Saturday, November 28, 2009

the year of travel

Though I haven't exactly meant for it to be the case, I could summarize the theme of this school year so far in the following way: on weekends, get the hell out of dodge.

It all started because of a few October weddings that prompted car rentals and travels to northern Washington. There was the NCTE conference I just went to in Philadelphia. There's the fact than James and I are going to New Zealand come Christmas. Then there have been countless weekend excursions that--though they're not exactly getting out of Portland--have felt like excursions nonetheless: an unofficial half marathon through Forest Park, game nights with friends, dinner parties. And then there's the newest adventure, a short Sacramento trip next weekend to see my lovely brother who's finally, after waaay too long, back in the country (I'm ridiculously excited:).

It all contributes to this budding feeling that it's not school that's giving my life meaning right now but all the peripherals that happen outside of school. Somehow, that's a little unnerving to me. Not that school should be my life, I mean, but I feel like I want to look forward to that, too, since it does comprise a good 50 or so hours of my week.

Last year, I was pretty stoked. I felt like I had a better handle on what I was doing, had a better rapport with my students, was excited to figure out how to do everything better. This year, it feels like I haven't quite found my stride. It's not because my teaching is bad (I don't think). Objectively speaking, I think I'm doing better than last year, am more organized, have a better sense of what I'm doing and how I want students to learn. I'm just not that stoked about it.

In part, it's because of everything I've been writing about on this blog: feeling like education is broken, like what I'm doing isn't relevant, like I'm just one more cog in this giant bureaucratic educational monster. It also may be that I'm feeling confined by my grade level. I love 7th graders, don't get me wrong, but--especially after hearing all this spectacular stuff at the NCTE conference--I think I might want to teach something where I can focus more on content and ideas, less on organization and how to get along with others (elementary teachers, you have my utmost respect).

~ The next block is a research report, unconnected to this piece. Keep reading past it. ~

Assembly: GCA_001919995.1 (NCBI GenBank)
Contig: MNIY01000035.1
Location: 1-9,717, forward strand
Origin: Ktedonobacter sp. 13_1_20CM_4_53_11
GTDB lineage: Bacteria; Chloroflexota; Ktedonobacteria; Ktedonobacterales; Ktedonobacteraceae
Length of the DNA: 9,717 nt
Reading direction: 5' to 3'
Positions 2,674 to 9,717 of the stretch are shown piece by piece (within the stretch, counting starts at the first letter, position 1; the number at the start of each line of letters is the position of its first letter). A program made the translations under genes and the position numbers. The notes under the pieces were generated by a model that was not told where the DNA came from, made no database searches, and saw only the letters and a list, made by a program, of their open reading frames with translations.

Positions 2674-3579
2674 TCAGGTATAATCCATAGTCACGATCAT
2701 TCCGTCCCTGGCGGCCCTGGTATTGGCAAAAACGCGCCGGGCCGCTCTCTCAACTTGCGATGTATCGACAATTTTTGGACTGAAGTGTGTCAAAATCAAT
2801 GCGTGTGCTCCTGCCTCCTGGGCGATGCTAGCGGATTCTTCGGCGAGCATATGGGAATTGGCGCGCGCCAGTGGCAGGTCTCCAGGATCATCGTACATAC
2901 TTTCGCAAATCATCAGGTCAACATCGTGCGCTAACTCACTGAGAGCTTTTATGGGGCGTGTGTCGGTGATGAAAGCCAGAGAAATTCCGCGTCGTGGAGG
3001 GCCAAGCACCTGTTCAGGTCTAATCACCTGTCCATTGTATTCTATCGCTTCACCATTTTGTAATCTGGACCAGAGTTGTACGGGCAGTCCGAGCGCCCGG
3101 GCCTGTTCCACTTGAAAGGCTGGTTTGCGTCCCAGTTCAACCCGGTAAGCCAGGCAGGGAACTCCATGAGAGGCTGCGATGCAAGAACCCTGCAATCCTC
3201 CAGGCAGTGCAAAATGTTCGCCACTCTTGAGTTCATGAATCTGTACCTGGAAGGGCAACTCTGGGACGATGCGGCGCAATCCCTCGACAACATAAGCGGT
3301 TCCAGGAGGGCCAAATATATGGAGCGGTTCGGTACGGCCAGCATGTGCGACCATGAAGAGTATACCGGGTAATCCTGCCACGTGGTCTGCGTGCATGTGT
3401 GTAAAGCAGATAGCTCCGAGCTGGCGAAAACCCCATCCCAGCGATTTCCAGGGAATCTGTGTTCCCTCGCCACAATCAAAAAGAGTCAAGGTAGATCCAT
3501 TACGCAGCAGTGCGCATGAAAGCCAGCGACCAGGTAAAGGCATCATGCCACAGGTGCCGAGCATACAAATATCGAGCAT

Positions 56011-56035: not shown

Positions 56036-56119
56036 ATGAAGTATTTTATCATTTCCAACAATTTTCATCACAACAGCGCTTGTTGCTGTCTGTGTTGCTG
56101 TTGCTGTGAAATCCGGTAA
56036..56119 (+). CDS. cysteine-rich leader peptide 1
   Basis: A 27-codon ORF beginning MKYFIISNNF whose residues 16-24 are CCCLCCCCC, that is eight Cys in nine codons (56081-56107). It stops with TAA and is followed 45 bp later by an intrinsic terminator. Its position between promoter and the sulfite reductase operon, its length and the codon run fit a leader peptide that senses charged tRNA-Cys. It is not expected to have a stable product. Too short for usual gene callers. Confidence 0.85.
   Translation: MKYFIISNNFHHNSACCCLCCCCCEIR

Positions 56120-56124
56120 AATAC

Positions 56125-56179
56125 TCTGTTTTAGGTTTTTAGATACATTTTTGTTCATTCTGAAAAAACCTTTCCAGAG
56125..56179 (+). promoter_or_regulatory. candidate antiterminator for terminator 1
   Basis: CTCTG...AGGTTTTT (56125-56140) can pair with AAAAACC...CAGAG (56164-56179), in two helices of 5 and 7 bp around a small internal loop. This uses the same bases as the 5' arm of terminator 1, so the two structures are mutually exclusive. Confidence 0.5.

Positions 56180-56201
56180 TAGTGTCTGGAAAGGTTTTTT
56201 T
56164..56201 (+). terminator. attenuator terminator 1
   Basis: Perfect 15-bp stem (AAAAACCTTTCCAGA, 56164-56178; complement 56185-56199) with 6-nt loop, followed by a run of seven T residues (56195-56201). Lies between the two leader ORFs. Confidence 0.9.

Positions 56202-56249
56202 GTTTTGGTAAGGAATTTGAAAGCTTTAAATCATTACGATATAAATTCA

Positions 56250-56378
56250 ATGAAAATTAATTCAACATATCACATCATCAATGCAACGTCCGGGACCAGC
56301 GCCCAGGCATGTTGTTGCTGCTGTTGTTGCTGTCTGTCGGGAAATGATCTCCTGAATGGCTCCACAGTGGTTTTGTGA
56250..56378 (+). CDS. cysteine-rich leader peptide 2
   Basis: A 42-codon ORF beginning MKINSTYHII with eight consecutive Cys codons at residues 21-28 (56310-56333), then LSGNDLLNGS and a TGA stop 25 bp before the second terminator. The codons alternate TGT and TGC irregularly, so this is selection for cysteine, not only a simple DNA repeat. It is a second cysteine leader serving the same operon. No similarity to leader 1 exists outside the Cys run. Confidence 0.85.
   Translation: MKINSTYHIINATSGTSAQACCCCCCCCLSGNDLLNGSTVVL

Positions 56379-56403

It's really been all the stuff that happens outside of school that's been great this year. But in the interest of preserving my sanity and making ALL of my time--not just my leisure time--seem worthwhile and meaningful, I need to find a way to be more excited about school, too. I think it means making drastic changes. I think it means taking my focus off of curriculum and the endless "skills" I'm supposed to teach, and re-centering on my students: who they are, what they need, how we can all help each other be better people (and, in the process, become better readers, writers, and communicators). I'm not sure how, exactly, but that's what's stewing in my mind right now. I don't want to be one of those people who suffers through work to get the the real living that happens outside of it. I love the traveling and adventures I've been having away from school, but I want to be excited about my livelihood, too. I need to reclaim school.


Ricardo said...

You and Savina should pow-wow. Maybe you could found your own super school.

* * * said...

Is Savina into this stuff too? We SHOULD pow-wow! I want to talk to as many people who feel like this as possible, and figure out what we can all do to make it better:)